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Going To Hospital Riskier Than Flying, World Health Organization Says | Daytona Beach Personal Injury Attorney

Going To Hospital Riskier Than Flying, World Health Organization Says

With the high number of medical errors and infections linked to health care in today’s hospitals, the World Health Organization’s newly appointed Envoy for Patient Safety says going to the hospital is riskier than flying.

“If you were admitted to hospital tomorrow in any country… your chances of being subjected to an error in your care would be something like 1 in 10. Your chances of dying due to an error in health care would be 1 in 300,” said Liam Donaldson, the WHO’s newly appointed envoy for patient safety, during a news briefing.

This compared with a risk of dying in an air crash of about 1 in 10 million passengers, according to Donaldson, formerly England’s chief medical officer. “It shows that health care generally worldwide still has a long way to go,” he said.

Every year, hundreds of thousands of patients worldwide are harmed or die while using health services. Data from from WHO and other sources indicates that patient safety incidents occur in anything between 4 to 16 percent of all hospitalized patients.

A recent WHO Report on the burden of endemic health care-associated infection worldwide estimates that such infections affect hundreds of millions of people globally. The burden is at least twice as high in developing countries compared to developed countries.

In many cases, this harm is preventable. WHO’s Patient Safety Program (formerly the World Alliance for Patient Safety) was established in 2004 to coordinate, facilitate and accelerate patient safety improvements around the world.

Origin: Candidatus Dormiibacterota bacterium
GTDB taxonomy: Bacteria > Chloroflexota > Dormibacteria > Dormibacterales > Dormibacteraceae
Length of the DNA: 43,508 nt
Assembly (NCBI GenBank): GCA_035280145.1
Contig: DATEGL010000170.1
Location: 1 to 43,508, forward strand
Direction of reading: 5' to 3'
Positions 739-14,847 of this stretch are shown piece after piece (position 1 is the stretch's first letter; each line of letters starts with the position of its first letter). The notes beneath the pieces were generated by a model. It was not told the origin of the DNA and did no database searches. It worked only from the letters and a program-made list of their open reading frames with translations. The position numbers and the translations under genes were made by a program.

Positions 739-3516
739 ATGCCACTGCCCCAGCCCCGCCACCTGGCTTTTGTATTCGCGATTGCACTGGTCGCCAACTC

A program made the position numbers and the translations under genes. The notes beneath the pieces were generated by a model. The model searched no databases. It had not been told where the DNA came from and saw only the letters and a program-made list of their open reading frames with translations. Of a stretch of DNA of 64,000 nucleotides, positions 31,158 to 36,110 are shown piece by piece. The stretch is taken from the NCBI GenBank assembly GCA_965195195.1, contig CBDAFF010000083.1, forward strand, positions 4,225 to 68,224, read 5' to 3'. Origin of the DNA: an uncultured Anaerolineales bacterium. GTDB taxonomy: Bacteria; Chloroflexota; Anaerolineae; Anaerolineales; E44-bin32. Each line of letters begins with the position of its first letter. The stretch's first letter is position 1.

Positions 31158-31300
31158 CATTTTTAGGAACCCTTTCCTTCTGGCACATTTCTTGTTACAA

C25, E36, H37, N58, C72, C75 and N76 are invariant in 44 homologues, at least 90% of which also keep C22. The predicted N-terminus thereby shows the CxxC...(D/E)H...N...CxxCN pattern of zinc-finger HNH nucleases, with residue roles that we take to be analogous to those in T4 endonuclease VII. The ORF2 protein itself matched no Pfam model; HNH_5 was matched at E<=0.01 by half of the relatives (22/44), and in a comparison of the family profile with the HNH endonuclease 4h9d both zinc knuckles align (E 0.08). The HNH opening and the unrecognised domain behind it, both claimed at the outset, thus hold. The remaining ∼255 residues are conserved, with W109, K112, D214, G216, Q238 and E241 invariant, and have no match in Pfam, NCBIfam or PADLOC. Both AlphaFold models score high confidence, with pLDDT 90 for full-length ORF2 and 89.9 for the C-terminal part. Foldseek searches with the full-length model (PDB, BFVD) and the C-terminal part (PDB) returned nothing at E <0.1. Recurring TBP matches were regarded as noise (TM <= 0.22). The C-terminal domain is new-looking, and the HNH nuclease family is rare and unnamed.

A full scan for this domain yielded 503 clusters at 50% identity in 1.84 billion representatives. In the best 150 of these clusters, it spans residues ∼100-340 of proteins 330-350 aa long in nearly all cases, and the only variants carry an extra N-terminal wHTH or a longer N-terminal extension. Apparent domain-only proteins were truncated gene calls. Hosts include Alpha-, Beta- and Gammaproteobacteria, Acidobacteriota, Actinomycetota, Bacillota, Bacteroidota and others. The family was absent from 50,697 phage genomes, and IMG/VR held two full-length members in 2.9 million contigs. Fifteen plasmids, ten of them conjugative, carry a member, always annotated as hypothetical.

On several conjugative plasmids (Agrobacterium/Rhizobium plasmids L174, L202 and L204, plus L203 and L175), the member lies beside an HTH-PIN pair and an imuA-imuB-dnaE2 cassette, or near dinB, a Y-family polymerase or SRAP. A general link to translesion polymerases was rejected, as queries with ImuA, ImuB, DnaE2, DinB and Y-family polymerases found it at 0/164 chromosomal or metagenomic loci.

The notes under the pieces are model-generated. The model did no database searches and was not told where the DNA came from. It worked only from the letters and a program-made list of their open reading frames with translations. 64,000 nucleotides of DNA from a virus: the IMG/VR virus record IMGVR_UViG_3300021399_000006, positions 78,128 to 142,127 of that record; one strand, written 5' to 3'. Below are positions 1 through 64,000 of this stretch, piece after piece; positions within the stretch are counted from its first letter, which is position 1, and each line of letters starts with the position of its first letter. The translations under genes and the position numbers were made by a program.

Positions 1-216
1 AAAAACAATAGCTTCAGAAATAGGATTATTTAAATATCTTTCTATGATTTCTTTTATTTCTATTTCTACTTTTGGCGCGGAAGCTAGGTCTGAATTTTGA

In its first seven years, the program has stimulated global awareness and knowledge about the importance of patient safety towards building and maintaining effective health systems and services.

WHO Patient Safety Program created the world’s only global “Patients for Patient Safety” movement, and obtained 124 country pledges to reduce health care-associated infection, The program also launched the world’s first ever “Safe Surgery Checklist”, used by more than 1500 hospitals. Its Patient safety curriculum guide enables undergraduates to learn about patient safety before going into clinical practice. Meanwhile 13,000 health-care settings worldwide have taken action to reduce infection rates through improved hand hygiene.

“We have come a long way in raising the world’s awareness of patient safety, but challenges still remain,” said Sir Liam in a WHO news release. “Health care has not achieved the level of safety of many other high-risk industries. Citizens of countries around the world find it incredible that errors lead to patients getting the wrong operation or the wrong medication, sometimes with fatal consequences. Lessons need to be learned from such tragedies and action taken. The WHO Patient Safety Program will be the cornerstone of a renewed effort globally to address these issues.”

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